The VIP Center held an informational event on the evening of Oct. 21 that explained the impact of sexual violence. There was a shoiwing of a documentary, a march up the mall and a guest speaker. 

Creighton students gathered in the Mike and Josie Harper Auditorium and watched “The Hunting Ground.” The film displayed statistics and the prevalence of sexual violence and assault cases and how they are handled in universities across the nation. 

The 2015 film shared real-life experiences from college student survivors of sexual assault. The survivors soon became advocates for other college students that fell victim to both sexual violence and mistreatment from university administration. 

The guest speaker, Leontyne Evans, who is a survivor engagement specialist with Survivors Rising, came to the event to not only share her past but “to educate,” Evans said in an interview, adding that “education is prevention.” 

Evans added that her purpose for coming to Creighton was to encourage possible survivors and allies to speak out against sexual abuse. 

“My story can change someone else’s,” said Evans. “If I touched one survivor tonight, or encouraged one person to tell somebody their story, it was all worth it.” 

A lot of emotions were visible at the event as Evans spoke to the crowd. 

“Even the most powerful people have weaknesses, but abuse is not your weakness,” Evans said as tears were shed by some attendees. “Decisions for survivors need to be made by survivors, our voices need to be heard.”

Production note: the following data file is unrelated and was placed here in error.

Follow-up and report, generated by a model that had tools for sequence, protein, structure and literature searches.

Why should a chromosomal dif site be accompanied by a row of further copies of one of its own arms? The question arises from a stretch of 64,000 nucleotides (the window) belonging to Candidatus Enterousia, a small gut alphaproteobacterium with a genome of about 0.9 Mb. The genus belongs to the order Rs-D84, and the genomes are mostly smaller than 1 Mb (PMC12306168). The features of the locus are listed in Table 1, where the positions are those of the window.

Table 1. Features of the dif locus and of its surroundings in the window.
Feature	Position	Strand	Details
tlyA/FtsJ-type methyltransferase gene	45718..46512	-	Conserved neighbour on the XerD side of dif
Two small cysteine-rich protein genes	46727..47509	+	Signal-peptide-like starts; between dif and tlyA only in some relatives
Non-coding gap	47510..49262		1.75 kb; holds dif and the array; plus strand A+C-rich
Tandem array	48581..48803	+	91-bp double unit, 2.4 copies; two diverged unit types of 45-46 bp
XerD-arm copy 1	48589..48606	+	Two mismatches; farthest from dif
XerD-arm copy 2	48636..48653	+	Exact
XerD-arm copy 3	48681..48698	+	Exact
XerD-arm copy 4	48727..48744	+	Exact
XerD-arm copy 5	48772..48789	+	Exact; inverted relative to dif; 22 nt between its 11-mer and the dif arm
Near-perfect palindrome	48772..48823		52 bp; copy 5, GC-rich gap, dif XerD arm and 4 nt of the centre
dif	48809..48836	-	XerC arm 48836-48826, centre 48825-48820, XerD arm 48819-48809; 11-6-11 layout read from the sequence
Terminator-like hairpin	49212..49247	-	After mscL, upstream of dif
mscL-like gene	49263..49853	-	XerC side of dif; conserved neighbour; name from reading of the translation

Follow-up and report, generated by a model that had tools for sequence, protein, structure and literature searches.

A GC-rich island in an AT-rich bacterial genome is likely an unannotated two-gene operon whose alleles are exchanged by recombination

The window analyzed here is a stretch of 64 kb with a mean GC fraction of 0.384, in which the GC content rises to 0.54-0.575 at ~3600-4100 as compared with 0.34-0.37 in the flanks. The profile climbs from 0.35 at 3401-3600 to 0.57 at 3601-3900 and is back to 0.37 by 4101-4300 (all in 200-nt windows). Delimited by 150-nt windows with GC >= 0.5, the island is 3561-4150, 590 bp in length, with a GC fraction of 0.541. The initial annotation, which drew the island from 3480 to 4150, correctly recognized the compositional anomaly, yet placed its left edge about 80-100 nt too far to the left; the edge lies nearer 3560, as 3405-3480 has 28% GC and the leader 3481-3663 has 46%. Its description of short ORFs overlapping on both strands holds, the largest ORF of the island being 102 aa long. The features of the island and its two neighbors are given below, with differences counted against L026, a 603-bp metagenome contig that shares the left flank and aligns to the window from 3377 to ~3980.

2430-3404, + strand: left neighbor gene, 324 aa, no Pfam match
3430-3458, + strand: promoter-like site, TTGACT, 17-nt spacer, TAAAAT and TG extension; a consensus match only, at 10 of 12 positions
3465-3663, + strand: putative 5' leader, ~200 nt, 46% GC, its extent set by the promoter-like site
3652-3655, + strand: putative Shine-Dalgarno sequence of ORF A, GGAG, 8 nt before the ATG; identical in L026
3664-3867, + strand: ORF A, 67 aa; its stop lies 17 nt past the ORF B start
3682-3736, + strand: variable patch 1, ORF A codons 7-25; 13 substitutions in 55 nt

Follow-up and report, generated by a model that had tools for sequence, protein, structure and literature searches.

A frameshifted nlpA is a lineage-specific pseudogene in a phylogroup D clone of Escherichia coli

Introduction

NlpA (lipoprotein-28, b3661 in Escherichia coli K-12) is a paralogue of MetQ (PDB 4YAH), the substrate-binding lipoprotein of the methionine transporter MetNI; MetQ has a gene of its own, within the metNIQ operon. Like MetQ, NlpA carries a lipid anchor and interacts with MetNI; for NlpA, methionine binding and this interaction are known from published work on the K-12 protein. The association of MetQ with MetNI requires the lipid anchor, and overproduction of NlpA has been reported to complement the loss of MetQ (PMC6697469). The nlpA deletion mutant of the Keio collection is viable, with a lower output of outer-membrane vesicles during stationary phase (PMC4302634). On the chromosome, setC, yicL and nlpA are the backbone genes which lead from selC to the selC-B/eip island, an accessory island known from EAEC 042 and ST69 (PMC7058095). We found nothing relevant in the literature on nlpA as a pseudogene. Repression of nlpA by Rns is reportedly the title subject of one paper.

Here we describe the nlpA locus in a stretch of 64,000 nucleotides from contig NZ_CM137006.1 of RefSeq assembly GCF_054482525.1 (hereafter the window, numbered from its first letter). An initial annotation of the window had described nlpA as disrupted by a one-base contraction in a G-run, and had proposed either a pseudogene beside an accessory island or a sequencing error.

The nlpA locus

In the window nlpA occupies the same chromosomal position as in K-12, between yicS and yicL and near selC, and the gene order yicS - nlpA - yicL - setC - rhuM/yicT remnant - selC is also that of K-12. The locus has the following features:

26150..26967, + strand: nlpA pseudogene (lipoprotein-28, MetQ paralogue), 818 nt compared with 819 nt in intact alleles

Corine Noethe, a sophomore in the College of Arts and Sciences, was one of the students that reached out to Evans after the event and talked with her personally. Noethe was then given a volunteering opportunity with Evans and Survivors Rising. Noethe said she felt reassured knowing that there are resources to help survivors. 

“It was nice to hear from an actual survivor, to someone who can relate,” Noethe said. It’s scary as a woman to be in college and to know that that could be your reality.” 

Before Evans’s presentation, students and staff marched from the Mike and Josie Harper Center to the Skutt Student Center. Along the mall were signs posted with balloons attached. Each sign had information and data regarding sexual violence and its significance all across the country. Each balloon represented a person that came into the VIP Center seeking assistance. 

Litzau expressed her satisfaction with how the event brought so many students together both physically and emotionally. 

“The amount of people that did come is exciting,” said Grace Litzau, a junior in the College of Arts and Sciences and VIP Peer Educator Manager. “It’s really important and hopeful that people attend to keep the conversation going.” 

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